Monday, March 16, 2009

A mutant destiny

A week ago I began a post to mark the 40 years since Al-Anon saved my life. I wrote about the friend who finally got me to the first meeting and how she, her name was Jean Patterson and she has been gone for most of those 40 years and anonimity would not be an issue, convinced me to leave a poisonous marriage by simply getting in the car and driving away. I deleted the essay, it was just too real.

By beginning that story, I managed to call up all the feelings that nearly defeated me so many years ago; one of the ways my body had been shrieking at me then, which I misunderstood, as did the family doctor who should have known better, was with a chronic and disabling intestinal ailment, now I believe it is called IBS and I have been free of it for almost four decades. As I wrote and relived the details of my escape, my stomach began to hurt and, for a brief time, all the symptoms were back, as though they had never left. Let's call that revelation unnerving. And the lesson I took from it was this: we never know what alien vestige is still feeding off some part of our soul until we drag it all out into the light. While exerting what I believe was its final, punishing attempt, it was forced to let go. In its aftermath, I have felt tired yet peaceful and very much surprised at the ability of our life experiences to retain a great power, for good or ill, regardless of how long and deeply we've worked to exorcise them. We are the amalgam of all our moments.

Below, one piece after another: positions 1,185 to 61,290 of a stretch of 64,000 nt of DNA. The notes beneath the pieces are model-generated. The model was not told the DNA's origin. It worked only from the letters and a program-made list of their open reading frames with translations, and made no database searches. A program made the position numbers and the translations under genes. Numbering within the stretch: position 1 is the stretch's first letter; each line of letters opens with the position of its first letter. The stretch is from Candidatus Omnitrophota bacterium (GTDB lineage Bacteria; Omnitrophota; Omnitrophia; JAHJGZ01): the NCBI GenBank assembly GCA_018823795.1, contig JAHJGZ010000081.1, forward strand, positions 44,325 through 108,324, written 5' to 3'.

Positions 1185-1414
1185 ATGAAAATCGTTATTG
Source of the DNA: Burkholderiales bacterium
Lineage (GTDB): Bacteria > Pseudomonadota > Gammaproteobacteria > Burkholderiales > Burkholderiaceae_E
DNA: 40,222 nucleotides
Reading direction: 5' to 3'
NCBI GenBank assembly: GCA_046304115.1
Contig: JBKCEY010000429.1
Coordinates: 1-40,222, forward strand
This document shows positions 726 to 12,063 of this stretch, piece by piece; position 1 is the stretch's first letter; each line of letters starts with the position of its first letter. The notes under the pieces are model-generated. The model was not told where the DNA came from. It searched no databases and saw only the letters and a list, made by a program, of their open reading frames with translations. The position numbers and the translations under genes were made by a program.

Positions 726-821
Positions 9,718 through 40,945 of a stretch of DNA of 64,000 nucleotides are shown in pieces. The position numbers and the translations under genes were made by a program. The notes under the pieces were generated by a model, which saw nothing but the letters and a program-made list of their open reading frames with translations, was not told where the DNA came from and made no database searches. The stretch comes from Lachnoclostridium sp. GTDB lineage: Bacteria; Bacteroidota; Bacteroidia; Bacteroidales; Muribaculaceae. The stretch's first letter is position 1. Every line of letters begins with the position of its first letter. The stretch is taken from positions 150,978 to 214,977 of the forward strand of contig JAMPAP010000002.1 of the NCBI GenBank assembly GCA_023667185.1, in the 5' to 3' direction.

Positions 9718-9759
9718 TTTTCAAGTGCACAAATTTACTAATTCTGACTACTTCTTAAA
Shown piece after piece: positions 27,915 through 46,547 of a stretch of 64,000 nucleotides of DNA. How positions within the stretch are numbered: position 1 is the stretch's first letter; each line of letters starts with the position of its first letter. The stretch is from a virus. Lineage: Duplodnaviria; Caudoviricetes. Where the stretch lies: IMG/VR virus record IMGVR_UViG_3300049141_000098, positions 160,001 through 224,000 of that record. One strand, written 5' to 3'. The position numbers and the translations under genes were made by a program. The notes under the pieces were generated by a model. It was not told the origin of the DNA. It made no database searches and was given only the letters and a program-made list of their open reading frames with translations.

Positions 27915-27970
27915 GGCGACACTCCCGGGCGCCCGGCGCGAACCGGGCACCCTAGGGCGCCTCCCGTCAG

Which makes me wonder if the most potent (again whether seemingly beneficial or harmful) of these events, when borne over a long period of time, transforms us on a cellular level; I believe so. In a way, we are mutants, life forms which differ from our original states. That in turn makes me consider that mutant is simply one of the names for our individual evolution. Is there, for each of us, a specific destiny, one which can only be reached through what I could call trial by ordeal, the bearing and surviving of the various dark nights that mark human existence? I think that is somewhere close to the truth, or at least what feels like truth to me.

Perhaps my gratitude is owed not only to those who led me away from peril but to the fact that my life has not been, shall we say, smooth and consistently lovely. My mother used to speak of trying times building character and I'd ask myself, under my breath, just how much character could one person need. For today I can accept the blessing of illumination, continue to find willingness to acknowledge that life is just life, be truly relieved for situations in which I no longer have to live and ask for the courage to keep looking back, to be sure no one was left behind.

9 comments:

grrl+dog said...

well done and congrats on picking the final scab off.

I have words tattoed on my left inner arm - a quote from Heath Ledger's Joker in Batman: What does not kill me makes me

stranger.

I am glad to be a mutant.

Jen said...

Another exemplary post, dear Marylinn. I have no doubt we are shaped - both psychologically AND physically - by our past experiences. I'm pretty convinced that many of the so-called "sudden" illnesses are brought on by issues we have yet to tackle, unearth, air out and lay to rest. As grrl so eloquently stated, "congrats on picking the final scab off". Indeed! :)